Research at OFN
Research is an important part of the work of OFN. Our aim is to develop new and improved methods of treatment for movement disorders, neuropathic pain, and any other condition amenable to treatment with implanted nervous system devices.
Participating in research
If you are a patient coming for treatment it is quite likely that we will invite you to take part in one of our research studies. If so, we will provide you with information explaining the study, and you will have the opportunity to ask any questions you wish to about the study before deciding if you would like to take part. You will only be invited to take part in studies that have received approval from the appropriate Research Ethics Committee.
You are under no obligation whatsoever to take part in research. If you do not wish to be involved in any research projects please let us know. You do not need to give any reason for your decision and please rest assured that it will not affect your treatment in any way.
What types of research do we do?
Broadly speaking, we do two types of research that involve patients. Firstly there is "basic science" research and secondly clinical trials.
This type of research is mainly aimed at improving our understanding of the conditions that we treat. For example, scientists still do not know all the details of how conditions like Parkinson's disease or dystonia affect the way the brain works, and deep brain stimulation provides a unique opportunity to gain new insights into this because we can use the stimulator electrodes that we have put in to 'listen' to what the brain is doing by recording electrical activity through them. We can also learn things by testing exactly how stimulation changes things like hand movements and eye movements, which we can measure very accurately. These are just examples and the details of what any particular study might involve will be clearly explained if you are invited to take part.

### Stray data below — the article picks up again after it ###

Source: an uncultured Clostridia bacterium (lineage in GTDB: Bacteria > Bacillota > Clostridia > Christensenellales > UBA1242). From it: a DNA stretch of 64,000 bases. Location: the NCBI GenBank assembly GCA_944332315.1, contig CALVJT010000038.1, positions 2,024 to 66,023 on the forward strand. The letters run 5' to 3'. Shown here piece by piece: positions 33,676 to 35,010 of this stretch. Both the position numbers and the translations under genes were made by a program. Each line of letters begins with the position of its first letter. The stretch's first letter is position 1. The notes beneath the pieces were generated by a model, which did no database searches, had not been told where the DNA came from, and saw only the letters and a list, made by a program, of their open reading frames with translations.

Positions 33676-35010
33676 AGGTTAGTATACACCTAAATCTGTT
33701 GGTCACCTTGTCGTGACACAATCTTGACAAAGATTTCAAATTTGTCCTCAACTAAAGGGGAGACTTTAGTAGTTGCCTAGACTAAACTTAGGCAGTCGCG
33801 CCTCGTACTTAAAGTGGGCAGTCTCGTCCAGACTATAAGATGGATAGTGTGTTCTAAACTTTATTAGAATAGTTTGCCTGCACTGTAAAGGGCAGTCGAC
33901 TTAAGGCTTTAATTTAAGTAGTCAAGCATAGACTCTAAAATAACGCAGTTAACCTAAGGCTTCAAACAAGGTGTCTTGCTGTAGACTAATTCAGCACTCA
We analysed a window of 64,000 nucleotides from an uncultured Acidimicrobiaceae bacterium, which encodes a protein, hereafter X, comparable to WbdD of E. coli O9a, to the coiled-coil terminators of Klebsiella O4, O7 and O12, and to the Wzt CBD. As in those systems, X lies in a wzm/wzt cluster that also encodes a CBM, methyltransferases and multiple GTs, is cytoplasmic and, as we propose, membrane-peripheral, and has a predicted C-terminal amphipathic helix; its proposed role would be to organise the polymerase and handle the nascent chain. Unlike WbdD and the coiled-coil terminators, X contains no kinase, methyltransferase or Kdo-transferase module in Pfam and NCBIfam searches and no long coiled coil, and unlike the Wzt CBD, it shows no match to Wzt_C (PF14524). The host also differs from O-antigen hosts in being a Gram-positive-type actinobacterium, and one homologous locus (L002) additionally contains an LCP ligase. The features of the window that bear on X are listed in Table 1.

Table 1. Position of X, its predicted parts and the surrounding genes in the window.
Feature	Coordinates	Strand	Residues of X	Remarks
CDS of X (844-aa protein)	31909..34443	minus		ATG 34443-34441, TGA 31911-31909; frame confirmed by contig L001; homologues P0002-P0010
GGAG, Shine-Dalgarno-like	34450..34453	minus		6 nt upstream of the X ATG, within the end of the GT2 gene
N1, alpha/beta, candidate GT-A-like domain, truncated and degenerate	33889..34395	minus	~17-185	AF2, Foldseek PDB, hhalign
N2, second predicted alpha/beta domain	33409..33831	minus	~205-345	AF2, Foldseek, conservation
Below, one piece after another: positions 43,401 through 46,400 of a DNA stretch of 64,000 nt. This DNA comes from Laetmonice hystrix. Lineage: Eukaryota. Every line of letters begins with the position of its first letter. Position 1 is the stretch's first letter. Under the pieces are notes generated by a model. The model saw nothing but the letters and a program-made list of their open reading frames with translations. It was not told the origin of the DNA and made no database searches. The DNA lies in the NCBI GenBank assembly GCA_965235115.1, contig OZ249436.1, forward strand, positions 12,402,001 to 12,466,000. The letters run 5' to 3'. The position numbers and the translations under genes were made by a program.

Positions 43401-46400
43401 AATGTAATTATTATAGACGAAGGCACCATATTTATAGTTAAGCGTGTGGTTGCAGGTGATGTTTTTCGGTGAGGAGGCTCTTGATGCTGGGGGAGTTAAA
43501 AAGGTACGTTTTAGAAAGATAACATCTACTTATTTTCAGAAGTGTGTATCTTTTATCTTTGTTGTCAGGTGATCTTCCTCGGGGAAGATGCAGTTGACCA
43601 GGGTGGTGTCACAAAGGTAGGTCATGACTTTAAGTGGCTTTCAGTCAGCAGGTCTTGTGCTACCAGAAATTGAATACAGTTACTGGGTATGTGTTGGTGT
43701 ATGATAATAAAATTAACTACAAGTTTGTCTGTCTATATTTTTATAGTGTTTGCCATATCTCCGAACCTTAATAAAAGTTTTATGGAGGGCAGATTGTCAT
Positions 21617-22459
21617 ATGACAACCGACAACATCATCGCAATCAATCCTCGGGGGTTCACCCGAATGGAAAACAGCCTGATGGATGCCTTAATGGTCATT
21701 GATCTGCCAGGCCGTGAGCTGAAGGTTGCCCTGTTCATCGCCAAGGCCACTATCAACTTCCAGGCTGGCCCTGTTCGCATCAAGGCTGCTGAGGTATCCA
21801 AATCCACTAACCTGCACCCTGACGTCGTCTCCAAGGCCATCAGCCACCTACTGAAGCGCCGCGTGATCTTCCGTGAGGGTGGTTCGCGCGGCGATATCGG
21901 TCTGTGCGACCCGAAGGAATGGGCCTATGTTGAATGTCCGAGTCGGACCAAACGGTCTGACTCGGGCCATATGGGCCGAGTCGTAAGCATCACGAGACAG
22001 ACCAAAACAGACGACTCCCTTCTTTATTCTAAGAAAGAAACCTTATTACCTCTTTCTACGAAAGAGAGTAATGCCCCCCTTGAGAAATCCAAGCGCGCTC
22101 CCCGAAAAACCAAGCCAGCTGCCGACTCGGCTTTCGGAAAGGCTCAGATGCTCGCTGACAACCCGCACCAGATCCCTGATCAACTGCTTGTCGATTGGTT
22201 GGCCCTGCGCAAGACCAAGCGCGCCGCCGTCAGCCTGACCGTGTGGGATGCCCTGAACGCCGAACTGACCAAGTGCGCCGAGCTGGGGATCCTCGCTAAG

Links to pages describing some of our current areas of research interest can be found on the menu bar at the top of this page.
Clinical trials are where new or modified treatments are tested on patients. Trials are usually done in order to:
- see how well a new treatment works, or
- compare a newer version of a treatment with an older established version to see whether the newer version is better
There are safeguards built into the design of clinical trials to ensure that patients are not disadvantaged by taking part. If you are invited to take part in a clinical trial we will provide full information about the trial and answer any questions you have about any aspect of the study.
Please see our trials page for details of current and upcoming studies.
Who will benefit from your participation?
Basic science research is unlikely to be of direct benefit to you. The idea is that the knowledge gained will allow us to develop better treatments for future patients with the same condition that you have. In some cases the research may also yield results that might benefit people with other conditions, for example we are studying an effect of deep brain stimulation on blood pressure that we first noticed by chance while looking at the effects of deep brain stimulation for pain.
Clinical trials may benefit their participants, if the intervention being tested represents a significant improvement over the previous standard treatment.
A list of research papers, review articles, books and book chapters authored by members of OFN.
Copyright OFN Wednesday, 11 February, 2015.